Letter 10/25/1883 - by Vincent van Gogh

Letter 10/25/1883 - by Vincent van Gogh
Courtesy of www.VincentVanGogh.org

Here are a couple of evening effects - I'm still working on that weed burner, whom I've caught better than before in a painted study as far as the tone is concerned, so that it conveys more of the vastness of the plain and the gathering dusk, and the small fire with the wisp of smoke is the only point of light. I kept going out to look at it in the evenings, and one muddy evening after the rain I found the little hut, which was very beautiful in its natural setting.

Again, I think that I'd be able to learn in Paris as well as here on the heath; in the city I'd have the opportunity to learn from other people and see what they were doing, and I'm by no means indifferent to that. For that matter, I think that I'd also make progress working here without seeing other painters. And for my pleasure, I would far rather stay here. However, if a change in your position were to make it desirable for me to come there, perhaps earn something in the same firm, that's all right with me and I have no objection whatsoever.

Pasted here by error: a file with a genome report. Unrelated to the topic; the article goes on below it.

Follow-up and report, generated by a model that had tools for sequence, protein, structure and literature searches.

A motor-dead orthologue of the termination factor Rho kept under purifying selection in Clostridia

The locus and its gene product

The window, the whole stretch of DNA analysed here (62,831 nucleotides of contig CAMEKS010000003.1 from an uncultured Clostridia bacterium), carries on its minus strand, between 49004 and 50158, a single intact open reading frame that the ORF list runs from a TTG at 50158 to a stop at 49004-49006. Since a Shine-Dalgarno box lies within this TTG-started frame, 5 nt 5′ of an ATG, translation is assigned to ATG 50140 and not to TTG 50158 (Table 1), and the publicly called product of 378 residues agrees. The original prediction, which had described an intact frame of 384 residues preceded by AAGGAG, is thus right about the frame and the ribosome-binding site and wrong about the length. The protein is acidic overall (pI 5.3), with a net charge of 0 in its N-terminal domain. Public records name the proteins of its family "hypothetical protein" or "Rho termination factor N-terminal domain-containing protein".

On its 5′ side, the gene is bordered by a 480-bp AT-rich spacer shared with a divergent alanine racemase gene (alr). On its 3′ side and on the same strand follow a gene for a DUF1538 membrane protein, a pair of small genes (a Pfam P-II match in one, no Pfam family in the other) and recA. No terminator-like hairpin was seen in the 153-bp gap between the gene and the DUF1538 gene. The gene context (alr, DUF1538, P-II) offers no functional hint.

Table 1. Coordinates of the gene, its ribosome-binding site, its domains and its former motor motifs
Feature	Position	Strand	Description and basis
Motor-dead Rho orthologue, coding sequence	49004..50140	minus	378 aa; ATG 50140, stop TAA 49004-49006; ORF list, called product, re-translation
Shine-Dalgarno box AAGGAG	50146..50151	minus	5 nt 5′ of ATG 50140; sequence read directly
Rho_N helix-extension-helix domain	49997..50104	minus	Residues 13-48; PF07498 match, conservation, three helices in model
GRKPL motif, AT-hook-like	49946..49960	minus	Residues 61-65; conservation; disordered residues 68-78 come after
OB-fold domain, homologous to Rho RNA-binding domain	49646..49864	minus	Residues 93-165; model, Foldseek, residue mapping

Don't hesitate to write to me about all these things, which I will, of course, keep entirely and absolutely to myself. If my affairs here were to improve a little - if, for example, I could count on C.M. taking my studies - well, seeing as it's cheaper here, the most advantageous would be if I were to stay here, and once I progressed a bit further, if you ever changed entirely and decided to become a painter, it would be excellent to learn here - excellent.

Has C.M. been yet? I repeat, keep your courage up, I'll do the same, and if you do ever decide to become a painter, do it with inner cheerfulness and as coolly as possible. Then, taking the broad view of things, you would have to see the time between now and your 30th year as a rather wretched period of pottering around, but at the end of it you would see everything renewed, and a broad future. Remember what you told me about the Swedish painters in Paris back then - one must be daring, and all the more so because one sees how everything is uncertain and shaky. Forlorn attempts - so be it - but in an age like the one we live in they are our duty, and one must often choose between that and sitting dozing. Well, old chap, all the best, write again soon, with a handshake.